Chapter

Can we promote cohesion through contact? Intergroup contact and the development of community cohesion

Matthew J. Goodwin

in Changing local governance, changing citizens

Published by Policy Press

Published in print October 2009 | ISBN: 9781847422170
Published online March 2012 | e-ISBN: 9781447301677 | DOI: http://dx.doi.org/10.1332/policypress/9781847422170.003.0006
Can we promote cohesion through contact? Intergroup contact and the development of community cohesion

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This chapter discusses the concept of ‘community cohesion’ and the role of group contact within this field. The concept of community cohesion emerged following urban disturbances in parts of northern England in summer 2001. It seeks to promote a more inclusive notion of citizenship, identity, and belonging, and the development of integrated communities that while ethno-culturally diverse, are grounded in a set of shared values and understandings. According to the report of the Commission for Integration and Cohesion, community cohesion is the process that must happen in all communities to ensure different groups of people get on well together; while integration is principally the process that ensures new residents and existing residents adapt to one another. The chapter explores the wider theoretical and empirical base that underpins the contact approach. While the contact approach is supported by a large body of evidence, it poses a number of challenges for policy makers and practitioners. Finally, the chapter raises several questions concerning the implementation and effects of contact-based interventions.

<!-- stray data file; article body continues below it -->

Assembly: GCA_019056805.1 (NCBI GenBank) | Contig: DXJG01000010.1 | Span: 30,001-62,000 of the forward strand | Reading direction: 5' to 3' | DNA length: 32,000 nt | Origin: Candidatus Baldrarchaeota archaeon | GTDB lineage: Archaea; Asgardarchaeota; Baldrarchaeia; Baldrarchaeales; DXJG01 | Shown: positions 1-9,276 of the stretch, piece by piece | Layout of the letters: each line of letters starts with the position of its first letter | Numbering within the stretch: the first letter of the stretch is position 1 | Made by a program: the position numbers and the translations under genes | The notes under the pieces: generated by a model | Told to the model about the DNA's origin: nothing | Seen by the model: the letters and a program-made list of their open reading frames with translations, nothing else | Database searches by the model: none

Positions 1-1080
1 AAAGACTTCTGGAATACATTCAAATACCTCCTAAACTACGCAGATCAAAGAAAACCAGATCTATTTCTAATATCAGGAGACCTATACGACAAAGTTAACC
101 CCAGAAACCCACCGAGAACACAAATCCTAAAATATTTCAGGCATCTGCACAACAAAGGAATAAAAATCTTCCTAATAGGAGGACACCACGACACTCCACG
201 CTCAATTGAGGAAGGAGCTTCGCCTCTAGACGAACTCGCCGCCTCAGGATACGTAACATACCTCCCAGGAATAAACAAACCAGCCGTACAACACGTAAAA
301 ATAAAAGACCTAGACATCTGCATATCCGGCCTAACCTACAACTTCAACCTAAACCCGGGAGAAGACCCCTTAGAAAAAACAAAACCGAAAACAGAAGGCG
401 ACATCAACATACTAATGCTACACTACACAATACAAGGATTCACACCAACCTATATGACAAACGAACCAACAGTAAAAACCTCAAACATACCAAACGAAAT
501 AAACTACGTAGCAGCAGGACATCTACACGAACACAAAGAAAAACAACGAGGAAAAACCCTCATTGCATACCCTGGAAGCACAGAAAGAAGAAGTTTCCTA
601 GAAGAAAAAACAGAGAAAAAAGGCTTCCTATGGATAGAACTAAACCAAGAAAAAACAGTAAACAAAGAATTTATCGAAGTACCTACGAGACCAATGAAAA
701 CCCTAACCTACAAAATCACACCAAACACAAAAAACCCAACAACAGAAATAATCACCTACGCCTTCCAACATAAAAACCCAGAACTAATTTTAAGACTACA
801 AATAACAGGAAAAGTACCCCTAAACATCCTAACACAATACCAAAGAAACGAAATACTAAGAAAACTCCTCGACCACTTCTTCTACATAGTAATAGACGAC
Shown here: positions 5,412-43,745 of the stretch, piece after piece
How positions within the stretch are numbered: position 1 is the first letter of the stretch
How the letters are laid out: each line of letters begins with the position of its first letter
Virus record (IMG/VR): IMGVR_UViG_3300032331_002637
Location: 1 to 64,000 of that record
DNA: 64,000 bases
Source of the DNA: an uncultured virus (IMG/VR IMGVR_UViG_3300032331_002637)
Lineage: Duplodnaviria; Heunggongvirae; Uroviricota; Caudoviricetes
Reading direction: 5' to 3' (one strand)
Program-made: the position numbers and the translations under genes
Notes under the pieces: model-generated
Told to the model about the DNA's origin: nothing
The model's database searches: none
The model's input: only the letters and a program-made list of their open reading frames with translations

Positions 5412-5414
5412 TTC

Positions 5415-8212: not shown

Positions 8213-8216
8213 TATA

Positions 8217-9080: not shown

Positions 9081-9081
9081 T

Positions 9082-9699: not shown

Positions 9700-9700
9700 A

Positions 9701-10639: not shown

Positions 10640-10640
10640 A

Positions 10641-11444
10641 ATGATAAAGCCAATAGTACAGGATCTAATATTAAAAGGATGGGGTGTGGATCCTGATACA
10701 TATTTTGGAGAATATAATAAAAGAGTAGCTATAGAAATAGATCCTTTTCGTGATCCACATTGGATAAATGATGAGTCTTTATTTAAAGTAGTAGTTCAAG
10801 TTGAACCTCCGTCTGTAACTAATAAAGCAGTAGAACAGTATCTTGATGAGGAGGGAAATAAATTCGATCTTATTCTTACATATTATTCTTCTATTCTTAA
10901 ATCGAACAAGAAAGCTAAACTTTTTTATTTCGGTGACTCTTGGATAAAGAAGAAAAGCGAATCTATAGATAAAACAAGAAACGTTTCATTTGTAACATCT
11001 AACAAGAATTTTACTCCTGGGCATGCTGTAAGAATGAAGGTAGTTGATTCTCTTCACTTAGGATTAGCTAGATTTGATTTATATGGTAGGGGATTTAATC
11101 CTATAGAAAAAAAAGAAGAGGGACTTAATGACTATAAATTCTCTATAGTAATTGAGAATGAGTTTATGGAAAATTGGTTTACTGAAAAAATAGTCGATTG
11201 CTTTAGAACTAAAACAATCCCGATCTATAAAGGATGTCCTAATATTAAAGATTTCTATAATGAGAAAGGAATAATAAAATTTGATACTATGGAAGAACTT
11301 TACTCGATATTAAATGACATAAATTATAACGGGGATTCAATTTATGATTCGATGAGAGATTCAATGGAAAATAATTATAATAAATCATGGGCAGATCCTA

Keywords: community cohesion; citizenship; contact approach; England; integration

Chapter.  7388 words. 

Subjects: Social Movements and Social Change

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